So you are saying C automatically converts to a single pointer? Don't worry, I wasn't confused.

This post has been edited by salazar: 31 July 2013 - 01:33 PM

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#5 jimblumberg  Icon User is offline

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Re: Pointer argument differences in C versus C++

Posted 31 July 2013 - 01:42 PM

Quote

So when the compiler does not encounter the .h extension in cstdio it uses C++ instead of C?

No, it is usually the file extension of the file being compiled that makes a difference. You can usually force which compiler to use by telling your compiler to compile the file as either C or C++. How this is done varies with the compiler.

If you're compiling with the C compiler and you try to include a C++ standard header you will probably get quite a few different errors because C doesn't know how to handle C++ classes.

In either language the preprocessor looks for the exact file you provide. It doesn't really know anything about file extensions.


Jim

This post has been edited by jimblumberg: 31 July 2013 - 01:43 PM

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#6 salazar  Icon User is offline

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Re: Pointer argument differences in C versus C++

Posted 31 July 2013 - 02:23 PM

So how does that explain what happened when I changed the file from stdio.h to cstdio? I did not receive errors for stdio.h but got the same errors I would have if compiled using the C++ compiler, even though it was the C compiler.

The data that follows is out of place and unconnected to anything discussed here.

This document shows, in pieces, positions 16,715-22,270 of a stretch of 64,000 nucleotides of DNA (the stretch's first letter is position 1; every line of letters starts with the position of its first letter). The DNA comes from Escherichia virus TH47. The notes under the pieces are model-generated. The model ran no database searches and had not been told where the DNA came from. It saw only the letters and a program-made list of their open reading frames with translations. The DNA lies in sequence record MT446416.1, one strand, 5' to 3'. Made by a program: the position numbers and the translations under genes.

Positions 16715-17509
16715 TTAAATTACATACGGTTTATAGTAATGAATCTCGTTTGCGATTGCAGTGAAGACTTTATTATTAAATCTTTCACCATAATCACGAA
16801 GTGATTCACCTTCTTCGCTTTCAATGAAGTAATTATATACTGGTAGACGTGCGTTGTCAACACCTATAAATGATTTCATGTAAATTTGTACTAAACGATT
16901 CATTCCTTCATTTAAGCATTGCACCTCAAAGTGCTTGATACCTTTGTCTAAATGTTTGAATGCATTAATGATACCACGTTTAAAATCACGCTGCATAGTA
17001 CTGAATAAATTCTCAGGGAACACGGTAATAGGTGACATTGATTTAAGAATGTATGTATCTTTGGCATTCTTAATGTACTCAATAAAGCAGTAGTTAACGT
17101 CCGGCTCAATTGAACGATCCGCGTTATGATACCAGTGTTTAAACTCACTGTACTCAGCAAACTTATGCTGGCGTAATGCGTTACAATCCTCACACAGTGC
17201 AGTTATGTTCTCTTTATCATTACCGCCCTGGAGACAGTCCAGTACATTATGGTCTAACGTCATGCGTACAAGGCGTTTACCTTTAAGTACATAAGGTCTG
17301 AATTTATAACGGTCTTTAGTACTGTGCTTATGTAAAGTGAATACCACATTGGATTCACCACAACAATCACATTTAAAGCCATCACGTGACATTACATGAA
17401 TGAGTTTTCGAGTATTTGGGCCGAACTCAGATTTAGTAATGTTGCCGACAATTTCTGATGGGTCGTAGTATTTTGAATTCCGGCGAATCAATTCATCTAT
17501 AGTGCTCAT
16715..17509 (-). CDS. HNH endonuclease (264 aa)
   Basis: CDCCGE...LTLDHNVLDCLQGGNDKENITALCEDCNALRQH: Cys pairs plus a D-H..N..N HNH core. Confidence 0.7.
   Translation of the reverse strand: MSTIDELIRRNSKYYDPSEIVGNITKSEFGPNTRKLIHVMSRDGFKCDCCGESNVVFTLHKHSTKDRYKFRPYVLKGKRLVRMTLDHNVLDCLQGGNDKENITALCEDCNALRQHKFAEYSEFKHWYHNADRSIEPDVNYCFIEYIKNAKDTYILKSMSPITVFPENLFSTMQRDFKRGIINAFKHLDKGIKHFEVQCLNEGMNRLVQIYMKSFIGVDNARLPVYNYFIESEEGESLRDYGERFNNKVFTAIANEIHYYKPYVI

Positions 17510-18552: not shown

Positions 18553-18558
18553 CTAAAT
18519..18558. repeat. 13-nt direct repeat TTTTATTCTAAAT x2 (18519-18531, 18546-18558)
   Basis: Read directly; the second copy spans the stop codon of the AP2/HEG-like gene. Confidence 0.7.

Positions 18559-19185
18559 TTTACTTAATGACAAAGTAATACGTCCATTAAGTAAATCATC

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#7 vividexstance  Icon User is offline

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Re: Pointer argument differences in C versus C++

Posted 31 July 2013 - 02:25 PM

Well cstdio defines everying inside the std namespace. What compiler are you using?
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#8 snoopy11  Icon User is offline

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Re: Pointer argument differences in C versus C++

Posted 31 July 2013 - 02:35 PM

Well I suggest its your compiler

as these are the warnings I get with gcc MinGw x64 compiler.

Quote

C:\Workbench\errors\main.c||In function 'main':|
C:\Workbench\errors\main.c|12|warning: passing argument 1 of 'f' from incompatible pointer type [enabled by default]|
C:\Workbench\errors\main.c|5|note: expected 'char *' but argument is of type 'char **'|
||=== Build finished: 0 errors, 1 warnings (0 minutes, 0 seconds) ===|


I also got an error about the use of // as a remark instead of using the C /* ..*/ style remarks

which I removed.

Regards

Snoopy.
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#9 salazar  Icon User is offline

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Re: Pointer argument differences in C versus C++

Posted 31 July 2013 - 03:13 PM

View Postvividexstance, on 31 July 2013 - 02:25 PM, said:

Well cstdio defines everying inside the std namespace. What compiler are you using?


I'm using codepad. On its site it list the compilers/interpreters used. C using gcc with
the following flags:
-O -fmessage-length=0 -fno-merge-constants -fstrict-aliasing -fstack-protector-all

C++ uses g++ with the following flags:
-O -std=c++98 -pedantic-errors -Wfatal-errors -Werror -Wall -Wextra -Wno-missing-field-initializers -Wwrite-strings -Wno-deprecated -Wno-unused -Wno-non-virtual-dtor -Wno-variadic-macros -fmessage-length=0 -ftemplate-depth-128 -fno-merge-constants -fno-nonansi-builtins -fno-gnu-keywords -fno-elide-constructors -fstrict-aliasing -fstack-protector-all -Winvalid-pch